Not the kind of tired you experience when you’ve had too many late nights, or not enough fresh fruit and veg. Nor the kind of tired you feel at 3pm on a Monday afternoon, when all you want is a strong coffee and a whole packet of Jammie Dodgers (and yes, they are Vegan!!).
I’m talking about the kind of physical and emotional exhaustion that an undernourished salmon feels after what seems like a lifetime swimming up a very steep stream. When you’ve depleted any energy and drive you once had to be who you are – or who you want to be – and no longer have the will to lift one eye lid up to see, let alone a whole arm to do.
But this fatigue – though it is spreading fast like a virus throughout my life– is not simply a result of working too hard, playing too hard or indeed life being generally hard. Its roots lie deep within; stemming from my increasing realisation that my attempts to live a green, waste less, compassionate life is surrounded by a million and one others who simply don’t give a shit. Apparently it’s called Activist Burnout, and I’m certainly not the only one who suffers from it.
Avoiding animal products – not matter how hard it is at times, and how awkward it can make me feel – feels futile when people around me openly admit they would just “rather not think about it”.
Ignorance is bliss. Indeed, it is for the ignorant. But once you have been exposed to certain truths, you can’t unlearn what you’ve learnt. It is those who care the most who often carry the burden for the rest of us; and this burden can turn into two trucks loads of anger, resentment and exhaustion that over time can literally sit on your shoulders like a responsibility which doesn’t seem worth it anymore.
Why should we avoid plastics when millions of others consume it like it’s going out of fashion? Why should we bother championing healthy, organic alternatives when Coca Cola simply change their packaging to green color and McDonalds brings out a new salad? While the minority (which is how I feel right now – small and insignificant) fight upstream like eager salmon seeking to follow their hearts, minds and ethics; the rest of the world wishes us a sarcastic “good luck” and turns on its heels to continue the carnage we’re busy trying to rectify.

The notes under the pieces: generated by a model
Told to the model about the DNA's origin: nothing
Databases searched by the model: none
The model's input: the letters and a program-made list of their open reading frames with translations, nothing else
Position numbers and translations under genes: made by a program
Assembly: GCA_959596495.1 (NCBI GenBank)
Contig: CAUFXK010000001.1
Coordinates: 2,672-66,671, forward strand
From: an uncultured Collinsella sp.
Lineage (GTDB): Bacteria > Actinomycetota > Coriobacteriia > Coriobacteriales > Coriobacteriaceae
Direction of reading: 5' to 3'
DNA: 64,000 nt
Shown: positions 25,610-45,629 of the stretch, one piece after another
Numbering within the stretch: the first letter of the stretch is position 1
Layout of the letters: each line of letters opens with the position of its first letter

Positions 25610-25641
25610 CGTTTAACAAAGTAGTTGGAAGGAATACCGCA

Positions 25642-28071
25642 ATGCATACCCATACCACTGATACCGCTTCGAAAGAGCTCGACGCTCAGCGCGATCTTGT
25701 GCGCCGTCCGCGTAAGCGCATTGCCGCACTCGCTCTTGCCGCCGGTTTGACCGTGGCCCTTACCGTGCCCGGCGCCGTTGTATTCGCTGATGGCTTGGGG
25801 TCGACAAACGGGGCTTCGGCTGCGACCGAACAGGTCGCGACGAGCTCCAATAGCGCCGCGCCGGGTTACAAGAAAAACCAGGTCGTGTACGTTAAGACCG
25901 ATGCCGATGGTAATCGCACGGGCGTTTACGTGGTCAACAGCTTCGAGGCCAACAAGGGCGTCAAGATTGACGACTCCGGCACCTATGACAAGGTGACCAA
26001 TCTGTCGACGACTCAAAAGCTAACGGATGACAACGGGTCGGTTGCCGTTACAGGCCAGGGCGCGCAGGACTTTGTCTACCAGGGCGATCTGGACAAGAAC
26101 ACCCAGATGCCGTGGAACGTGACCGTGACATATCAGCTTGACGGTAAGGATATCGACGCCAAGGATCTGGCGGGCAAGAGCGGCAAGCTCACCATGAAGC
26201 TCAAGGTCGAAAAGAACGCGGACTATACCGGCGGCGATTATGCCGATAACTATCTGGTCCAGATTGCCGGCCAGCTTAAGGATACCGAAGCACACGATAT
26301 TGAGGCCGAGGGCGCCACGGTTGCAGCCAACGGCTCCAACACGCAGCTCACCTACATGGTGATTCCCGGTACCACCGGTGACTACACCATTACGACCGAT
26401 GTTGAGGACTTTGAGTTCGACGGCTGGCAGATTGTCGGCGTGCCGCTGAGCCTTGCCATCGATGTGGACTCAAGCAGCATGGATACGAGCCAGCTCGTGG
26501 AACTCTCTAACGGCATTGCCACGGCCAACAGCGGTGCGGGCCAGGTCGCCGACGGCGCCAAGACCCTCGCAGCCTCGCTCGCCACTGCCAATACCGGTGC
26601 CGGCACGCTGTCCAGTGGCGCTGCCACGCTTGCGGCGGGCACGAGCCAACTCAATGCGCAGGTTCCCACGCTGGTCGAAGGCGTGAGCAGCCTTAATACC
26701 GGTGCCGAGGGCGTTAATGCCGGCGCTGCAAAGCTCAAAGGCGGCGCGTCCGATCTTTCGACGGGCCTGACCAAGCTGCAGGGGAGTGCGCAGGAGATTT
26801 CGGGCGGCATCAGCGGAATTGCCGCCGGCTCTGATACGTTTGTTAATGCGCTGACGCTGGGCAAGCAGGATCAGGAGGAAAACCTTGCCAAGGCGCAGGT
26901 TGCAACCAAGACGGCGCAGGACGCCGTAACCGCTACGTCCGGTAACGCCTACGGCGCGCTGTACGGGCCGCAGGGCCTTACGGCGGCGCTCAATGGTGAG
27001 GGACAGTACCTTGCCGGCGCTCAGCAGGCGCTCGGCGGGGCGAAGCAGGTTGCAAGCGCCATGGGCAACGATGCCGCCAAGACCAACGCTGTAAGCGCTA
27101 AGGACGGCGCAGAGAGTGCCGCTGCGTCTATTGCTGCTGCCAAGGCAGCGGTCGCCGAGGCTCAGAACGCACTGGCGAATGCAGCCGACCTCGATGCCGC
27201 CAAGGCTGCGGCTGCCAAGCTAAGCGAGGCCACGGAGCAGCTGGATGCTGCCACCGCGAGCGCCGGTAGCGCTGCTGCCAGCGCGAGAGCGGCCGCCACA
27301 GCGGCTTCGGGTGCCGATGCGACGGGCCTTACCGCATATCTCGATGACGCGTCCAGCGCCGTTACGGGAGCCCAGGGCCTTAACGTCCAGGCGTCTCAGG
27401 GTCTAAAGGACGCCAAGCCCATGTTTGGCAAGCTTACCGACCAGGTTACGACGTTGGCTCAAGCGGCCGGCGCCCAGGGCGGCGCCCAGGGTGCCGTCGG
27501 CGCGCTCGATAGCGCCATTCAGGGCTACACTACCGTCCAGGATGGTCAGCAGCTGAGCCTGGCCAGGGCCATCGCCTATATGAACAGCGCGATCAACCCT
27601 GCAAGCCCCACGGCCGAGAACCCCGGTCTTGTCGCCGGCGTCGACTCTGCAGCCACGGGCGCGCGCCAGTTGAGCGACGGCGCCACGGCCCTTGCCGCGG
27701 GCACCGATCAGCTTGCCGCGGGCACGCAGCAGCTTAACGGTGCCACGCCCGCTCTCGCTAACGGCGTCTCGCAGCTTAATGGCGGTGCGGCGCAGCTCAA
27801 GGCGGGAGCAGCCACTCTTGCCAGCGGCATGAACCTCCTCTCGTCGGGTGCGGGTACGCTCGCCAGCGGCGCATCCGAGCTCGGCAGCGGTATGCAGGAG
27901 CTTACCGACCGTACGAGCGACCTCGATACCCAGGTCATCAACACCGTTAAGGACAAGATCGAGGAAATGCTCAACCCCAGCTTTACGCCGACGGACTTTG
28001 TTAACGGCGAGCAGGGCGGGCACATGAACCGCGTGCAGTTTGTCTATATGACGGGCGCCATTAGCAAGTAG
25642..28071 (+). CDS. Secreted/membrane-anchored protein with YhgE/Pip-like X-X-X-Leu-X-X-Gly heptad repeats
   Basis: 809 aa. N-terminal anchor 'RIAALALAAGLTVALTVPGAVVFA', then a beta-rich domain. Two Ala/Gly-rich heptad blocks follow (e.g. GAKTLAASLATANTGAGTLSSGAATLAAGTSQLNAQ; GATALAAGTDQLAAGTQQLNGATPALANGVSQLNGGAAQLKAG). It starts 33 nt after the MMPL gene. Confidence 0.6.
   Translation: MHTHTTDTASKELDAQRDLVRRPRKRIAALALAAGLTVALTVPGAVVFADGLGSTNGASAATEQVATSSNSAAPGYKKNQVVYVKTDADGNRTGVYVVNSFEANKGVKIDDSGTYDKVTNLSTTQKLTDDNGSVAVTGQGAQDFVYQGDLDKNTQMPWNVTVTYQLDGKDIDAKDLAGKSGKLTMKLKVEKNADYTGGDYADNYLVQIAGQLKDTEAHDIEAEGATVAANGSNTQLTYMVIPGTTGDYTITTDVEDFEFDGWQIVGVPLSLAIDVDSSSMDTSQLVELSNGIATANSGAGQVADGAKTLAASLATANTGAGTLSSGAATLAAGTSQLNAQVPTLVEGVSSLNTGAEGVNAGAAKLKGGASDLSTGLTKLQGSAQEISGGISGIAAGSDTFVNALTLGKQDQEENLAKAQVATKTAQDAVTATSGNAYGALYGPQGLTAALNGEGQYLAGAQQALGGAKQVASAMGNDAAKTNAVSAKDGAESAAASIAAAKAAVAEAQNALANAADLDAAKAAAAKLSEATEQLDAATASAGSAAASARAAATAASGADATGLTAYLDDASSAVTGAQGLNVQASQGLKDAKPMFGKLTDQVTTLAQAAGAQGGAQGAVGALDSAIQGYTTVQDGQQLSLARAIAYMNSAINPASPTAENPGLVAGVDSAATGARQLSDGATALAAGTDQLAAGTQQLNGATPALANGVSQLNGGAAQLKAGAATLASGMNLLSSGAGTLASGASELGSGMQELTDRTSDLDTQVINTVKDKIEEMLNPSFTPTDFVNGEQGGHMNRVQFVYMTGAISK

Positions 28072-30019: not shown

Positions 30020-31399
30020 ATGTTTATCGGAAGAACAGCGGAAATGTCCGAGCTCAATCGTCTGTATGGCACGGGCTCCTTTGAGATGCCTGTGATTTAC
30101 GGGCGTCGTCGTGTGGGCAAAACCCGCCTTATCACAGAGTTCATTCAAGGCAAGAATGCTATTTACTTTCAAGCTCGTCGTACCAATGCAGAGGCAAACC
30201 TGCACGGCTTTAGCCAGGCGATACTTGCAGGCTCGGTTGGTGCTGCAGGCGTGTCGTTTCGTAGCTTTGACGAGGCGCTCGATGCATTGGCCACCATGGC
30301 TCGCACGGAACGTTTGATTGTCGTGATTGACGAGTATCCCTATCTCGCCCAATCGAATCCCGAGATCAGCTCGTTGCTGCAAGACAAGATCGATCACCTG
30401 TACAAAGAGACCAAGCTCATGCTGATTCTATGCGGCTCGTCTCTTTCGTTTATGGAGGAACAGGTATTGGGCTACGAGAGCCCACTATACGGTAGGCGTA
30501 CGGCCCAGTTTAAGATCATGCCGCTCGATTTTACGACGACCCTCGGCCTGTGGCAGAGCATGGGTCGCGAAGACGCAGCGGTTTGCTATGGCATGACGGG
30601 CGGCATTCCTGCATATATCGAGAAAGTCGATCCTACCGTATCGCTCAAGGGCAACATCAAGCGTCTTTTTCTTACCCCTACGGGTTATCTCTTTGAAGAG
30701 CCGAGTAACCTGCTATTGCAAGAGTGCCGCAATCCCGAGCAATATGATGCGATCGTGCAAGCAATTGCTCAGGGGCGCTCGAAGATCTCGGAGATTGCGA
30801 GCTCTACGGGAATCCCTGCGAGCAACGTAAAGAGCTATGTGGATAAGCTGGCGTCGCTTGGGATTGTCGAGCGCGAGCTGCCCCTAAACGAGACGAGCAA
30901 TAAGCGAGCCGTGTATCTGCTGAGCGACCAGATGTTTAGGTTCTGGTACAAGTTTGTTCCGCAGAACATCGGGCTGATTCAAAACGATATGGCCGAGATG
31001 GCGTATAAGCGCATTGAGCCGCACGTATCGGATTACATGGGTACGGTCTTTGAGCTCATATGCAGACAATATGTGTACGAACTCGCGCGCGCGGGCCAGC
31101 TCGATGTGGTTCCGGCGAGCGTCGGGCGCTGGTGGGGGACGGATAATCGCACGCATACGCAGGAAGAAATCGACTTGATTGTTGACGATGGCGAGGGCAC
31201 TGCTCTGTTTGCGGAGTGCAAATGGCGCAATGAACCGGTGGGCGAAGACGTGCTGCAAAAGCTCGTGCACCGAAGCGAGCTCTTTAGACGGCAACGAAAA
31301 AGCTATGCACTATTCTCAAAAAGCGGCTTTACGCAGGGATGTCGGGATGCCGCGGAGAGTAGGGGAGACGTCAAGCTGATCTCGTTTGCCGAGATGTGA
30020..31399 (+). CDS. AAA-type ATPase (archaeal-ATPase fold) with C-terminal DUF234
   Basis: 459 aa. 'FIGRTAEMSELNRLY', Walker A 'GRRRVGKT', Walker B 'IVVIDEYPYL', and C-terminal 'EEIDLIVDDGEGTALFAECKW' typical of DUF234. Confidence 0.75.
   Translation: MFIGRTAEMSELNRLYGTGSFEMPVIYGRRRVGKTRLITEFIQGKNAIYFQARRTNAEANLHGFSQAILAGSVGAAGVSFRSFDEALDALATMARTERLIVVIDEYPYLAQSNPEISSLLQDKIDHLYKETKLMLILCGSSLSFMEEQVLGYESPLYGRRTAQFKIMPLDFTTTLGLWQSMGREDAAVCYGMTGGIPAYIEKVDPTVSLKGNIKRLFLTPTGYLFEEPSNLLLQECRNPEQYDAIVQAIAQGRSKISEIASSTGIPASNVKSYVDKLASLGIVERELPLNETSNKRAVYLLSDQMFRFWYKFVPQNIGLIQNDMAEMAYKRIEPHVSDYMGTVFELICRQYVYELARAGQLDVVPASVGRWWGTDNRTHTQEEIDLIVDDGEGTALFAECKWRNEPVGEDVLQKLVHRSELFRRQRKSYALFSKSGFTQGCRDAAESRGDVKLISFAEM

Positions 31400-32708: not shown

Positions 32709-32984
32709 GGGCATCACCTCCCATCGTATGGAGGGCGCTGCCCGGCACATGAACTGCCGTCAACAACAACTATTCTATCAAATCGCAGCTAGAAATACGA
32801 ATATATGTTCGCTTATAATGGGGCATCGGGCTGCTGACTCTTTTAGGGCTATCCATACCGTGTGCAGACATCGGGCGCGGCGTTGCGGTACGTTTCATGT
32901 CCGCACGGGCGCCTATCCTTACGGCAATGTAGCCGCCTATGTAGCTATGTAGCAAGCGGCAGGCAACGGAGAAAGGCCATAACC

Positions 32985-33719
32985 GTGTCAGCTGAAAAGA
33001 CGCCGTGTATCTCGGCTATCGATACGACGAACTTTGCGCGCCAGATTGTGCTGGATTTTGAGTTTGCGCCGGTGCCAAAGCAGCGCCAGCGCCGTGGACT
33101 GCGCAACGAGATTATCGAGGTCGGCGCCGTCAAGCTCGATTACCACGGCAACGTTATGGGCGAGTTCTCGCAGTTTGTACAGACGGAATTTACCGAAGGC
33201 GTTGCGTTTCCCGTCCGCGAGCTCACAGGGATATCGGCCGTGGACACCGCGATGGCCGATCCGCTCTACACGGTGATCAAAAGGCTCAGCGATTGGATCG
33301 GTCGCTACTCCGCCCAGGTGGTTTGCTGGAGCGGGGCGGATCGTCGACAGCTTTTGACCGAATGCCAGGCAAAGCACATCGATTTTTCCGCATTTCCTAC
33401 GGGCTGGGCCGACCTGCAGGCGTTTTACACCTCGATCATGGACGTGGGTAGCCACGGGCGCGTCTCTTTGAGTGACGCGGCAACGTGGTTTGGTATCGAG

Despite the enthusiasm, passion and pure optimism I felt when I started my “green Journey” just over a year ago; right now I feel exhausted, ground down and nothing short of pessimistic. About life. About my fellow humans. And, more importantly, about myself.
When a friend recently, and rather innocently, mocked me for my veganism and my futile attempts to “save the world”, I wondered why I was even bothering anymore. If my friends and family could support me yet not really get it, let alone agree, what hope in hell did I have in inspiring the rest of the world? How can you possibly stay motivated when you’re fighting what appears to be a losing battle? I’m not blessed with ignorant self-confidence or an ability to brush myself off and start again. I’m a dweller, a brooder and often an embarrassing emotional wreck.
With the commitment to live by your moral and ethics, despite what others around you are doing, you really open yourself up to vulnerability. It’s like stripping off naked and saying “Come on over. Give me a hard old stare, and feel free to tell me what you really think about my body. It’s OK. I don’t mind. After all, I chose to strip!”
OK, so I think I’ve made it pretty crystal that I’m in a low place right now. I’ve admitted that my energy for green living – and any passion to show you the “lazy” way to master it – is currently somewhere far away (probably buried under a huge pile of singe use plastic water bottles…) But what am I going to do about it? They say the best way to feel better about something is to be open and honest.
To admit defeat, or at the very least a desire for little helping hand, can often be the first step to gaining back the confidence you need to crack on. Sometimes you just need to say, “This is actually really fucking hard!”
And just because you have admitted you’ve met a big brick wall, and you have no clue right now how to get over it, it doesn’t mean that you’re admitting it clearly hadn’t been worth it, or announcing it’s the end of the journey. You are literally saying, “Gimmie a minute, I’m just going to eat this whole packet or Jammie Dodgers, then I’ll think about how to turn that frown upside down…”
Have you experienced Activist Burnout, or generally a feeling of green fatigue? I’d be interested to know what has worked for others.